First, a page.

Fantasy Sports Companies Confronts A Cheating Scandal


In The F&TS team doesn’t participate in daily fantasy leagues as of yet. We get our fix from season-long NFL Fantasy Football and Pick’em leagues (thankfully). When ESPN’s league management tools moved over to DraftKings, we had to sign up for the service. Today, DraftKings co-founders sent out a message to their users about allegations that could topple the titans of fantasy sports. The New York Times reported DraftKings is investigating whether an employee placed a bet on FanDuel using information not generally available to the public. If the allegations about this cheating scandal are true, the future of the two largest daily fantasy sports leagues is in severe doubt.

Staff Photo by Chitose Suzuki

Cheaters Trying to Prosper

The New York Times wrote on Monday, “the two major fantasy companies were forced to release statements defending their businesses’ integrity after what amounted to allegations of insider trading, that employees were placing bets using information not generally available to the public.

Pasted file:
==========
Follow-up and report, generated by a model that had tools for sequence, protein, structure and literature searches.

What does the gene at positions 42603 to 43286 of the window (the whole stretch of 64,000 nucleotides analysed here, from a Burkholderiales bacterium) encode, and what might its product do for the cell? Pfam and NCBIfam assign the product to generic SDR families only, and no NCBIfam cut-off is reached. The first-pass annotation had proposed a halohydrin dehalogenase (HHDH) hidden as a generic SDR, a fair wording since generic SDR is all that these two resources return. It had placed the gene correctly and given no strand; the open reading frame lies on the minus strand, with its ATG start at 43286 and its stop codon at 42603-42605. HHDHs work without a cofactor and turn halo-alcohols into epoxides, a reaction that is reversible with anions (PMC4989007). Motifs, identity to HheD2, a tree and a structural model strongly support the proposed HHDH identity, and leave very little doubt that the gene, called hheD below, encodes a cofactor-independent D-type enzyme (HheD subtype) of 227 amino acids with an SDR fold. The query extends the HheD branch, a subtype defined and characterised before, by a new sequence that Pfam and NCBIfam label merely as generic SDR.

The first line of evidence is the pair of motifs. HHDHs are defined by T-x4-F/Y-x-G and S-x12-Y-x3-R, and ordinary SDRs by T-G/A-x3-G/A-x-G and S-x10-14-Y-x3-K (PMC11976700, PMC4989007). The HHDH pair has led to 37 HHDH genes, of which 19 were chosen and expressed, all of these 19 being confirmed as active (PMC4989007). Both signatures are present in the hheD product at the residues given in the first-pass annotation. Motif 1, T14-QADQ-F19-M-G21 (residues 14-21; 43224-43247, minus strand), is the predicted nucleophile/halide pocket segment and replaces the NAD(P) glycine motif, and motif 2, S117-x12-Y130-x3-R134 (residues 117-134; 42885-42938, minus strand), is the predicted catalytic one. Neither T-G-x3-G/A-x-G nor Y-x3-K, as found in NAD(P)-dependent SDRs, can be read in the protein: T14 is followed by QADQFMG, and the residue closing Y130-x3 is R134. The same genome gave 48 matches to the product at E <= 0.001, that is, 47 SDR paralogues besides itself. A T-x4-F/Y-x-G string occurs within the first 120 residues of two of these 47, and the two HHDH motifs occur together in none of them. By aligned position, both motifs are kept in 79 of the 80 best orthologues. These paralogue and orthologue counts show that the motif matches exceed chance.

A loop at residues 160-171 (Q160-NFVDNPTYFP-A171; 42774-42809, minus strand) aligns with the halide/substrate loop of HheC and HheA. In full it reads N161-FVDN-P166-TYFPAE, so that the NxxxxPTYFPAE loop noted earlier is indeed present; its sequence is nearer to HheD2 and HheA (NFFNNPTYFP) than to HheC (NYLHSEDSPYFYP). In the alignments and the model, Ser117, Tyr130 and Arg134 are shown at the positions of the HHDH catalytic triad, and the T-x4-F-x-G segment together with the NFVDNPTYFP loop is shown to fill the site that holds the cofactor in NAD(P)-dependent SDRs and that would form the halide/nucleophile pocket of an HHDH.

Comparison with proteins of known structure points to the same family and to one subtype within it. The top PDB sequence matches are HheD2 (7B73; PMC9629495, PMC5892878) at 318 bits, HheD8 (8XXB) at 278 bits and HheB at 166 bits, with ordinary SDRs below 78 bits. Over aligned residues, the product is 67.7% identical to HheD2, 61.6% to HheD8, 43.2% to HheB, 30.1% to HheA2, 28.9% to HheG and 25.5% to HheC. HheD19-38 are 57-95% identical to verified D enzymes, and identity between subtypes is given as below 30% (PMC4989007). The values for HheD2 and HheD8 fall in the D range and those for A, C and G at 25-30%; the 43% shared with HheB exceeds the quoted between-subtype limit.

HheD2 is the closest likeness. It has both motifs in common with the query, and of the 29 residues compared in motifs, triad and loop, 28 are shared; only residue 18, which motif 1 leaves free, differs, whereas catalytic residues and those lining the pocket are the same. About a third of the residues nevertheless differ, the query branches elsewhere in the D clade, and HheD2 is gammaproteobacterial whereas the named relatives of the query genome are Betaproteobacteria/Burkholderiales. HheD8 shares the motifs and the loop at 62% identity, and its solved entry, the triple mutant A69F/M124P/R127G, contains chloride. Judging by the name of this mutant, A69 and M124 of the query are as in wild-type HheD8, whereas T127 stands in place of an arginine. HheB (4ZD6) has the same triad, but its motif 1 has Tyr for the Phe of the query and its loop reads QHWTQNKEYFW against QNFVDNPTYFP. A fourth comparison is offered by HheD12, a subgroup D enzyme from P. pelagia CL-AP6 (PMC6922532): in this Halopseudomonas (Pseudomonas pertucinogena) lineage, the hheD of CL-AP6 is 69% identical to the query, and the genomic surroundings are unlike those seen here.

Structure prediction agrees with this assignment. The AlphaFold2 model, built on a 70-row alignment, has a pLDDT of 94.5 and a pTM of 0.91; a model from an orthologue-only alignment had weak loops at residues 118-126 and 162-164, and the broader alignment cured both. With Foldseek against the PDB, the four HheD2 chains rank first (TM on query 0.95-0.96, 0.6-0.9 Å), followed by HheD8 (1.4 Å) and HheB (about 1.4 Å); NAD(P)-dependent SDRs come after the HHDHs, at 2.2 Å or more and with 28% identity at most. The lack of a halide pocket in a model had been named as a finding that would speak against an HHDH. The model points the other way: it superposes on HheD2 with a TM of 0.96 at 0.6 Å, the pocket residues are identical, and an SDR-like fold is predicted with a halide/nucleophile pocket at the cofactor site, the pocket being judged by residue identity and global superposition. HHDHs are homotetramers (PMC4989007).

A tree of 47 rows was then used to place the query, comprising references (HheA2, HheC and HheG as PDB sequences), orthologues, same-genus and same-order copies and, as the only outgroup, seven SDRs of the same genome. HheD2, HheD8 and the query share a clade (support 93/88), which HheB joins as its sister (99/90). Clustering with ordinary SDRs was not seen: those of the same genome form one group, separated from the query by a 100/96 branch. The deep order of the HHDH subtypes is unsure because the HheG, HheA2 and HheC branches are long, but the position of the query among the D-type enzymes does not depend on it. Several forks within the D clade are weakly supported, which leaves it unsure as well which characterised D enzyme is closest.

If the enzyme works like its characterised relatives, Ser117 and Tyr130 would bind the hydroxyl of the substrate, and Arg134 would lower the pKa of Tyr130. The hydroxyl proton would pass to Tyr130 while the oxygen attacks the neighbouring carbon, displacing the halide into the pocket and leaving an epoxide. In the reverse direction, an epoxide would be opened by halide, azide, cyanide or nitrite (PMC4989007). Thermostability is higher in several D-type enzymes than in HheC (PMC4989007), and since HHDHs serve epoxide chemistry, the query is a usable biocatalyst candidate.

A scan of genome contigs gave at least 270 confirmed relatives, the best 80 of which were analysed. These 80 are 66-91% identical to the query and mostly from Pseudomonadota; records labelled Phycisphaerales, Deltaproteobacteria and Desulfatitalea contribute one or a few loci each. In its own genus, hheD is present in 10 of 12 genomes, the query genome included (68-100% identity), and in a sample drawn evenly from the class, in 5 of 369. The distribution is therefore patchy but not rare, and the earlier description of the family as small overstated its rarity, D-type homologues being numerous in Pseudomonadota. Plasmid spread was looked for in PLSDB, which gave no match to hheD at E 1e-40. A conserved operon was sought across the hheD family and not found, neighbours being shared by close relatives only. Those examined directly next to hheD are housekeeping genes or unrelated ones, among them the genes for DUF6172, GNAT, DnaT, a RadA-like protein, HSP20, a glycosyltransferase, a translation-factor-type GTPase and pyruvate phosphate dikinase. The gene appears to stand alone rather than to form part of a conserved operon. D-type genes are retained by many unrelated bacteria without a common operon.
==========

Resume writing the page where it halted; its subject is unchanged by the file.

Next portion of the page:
So what exactly happened? An employee at DraftKings admitted last week to inadvertently releasing data before the start of NFL Week 3. Subsequently, Ethan Haskell, a DraftKings midlevel content manager, won $350,000 at a rival site, FanDuel, that same week. The episode raises questions about the integrity of daily fantasy employees with access to valuable data. Now the industry must decide how to protect that data. Plus, whether companies like DraftKings and FanDuel are willing to police themselves.

DraftKings and FanDuel released a joint statement to the media. It read, “both companies have strong policies in place to ensure that employees do not misuse any information at their disposal. “We strictly limit access to company data to only those employees who require it to do their jobs.”

Awful Announcing

It’s Like Insider Trading

The fact that Haskell had access to proprietary data raised questions about the fairness of employees winning jackpots at competing sites. Further, detractors and regulators are concerned about the general lack of regulation in a burgeoning multi-billion industry. Some critics have gone as far as calling daily fantasy legalized gambling. Consequently, the New York State Attorney General’s office opened an inquiry into the operations of both DraftKings and FanDuel. To sum up, does this potential Fantasy Sports cheating scandal change your mind about the leagues in any way? Will you continue to play?

The full DraftKings statement to its users read: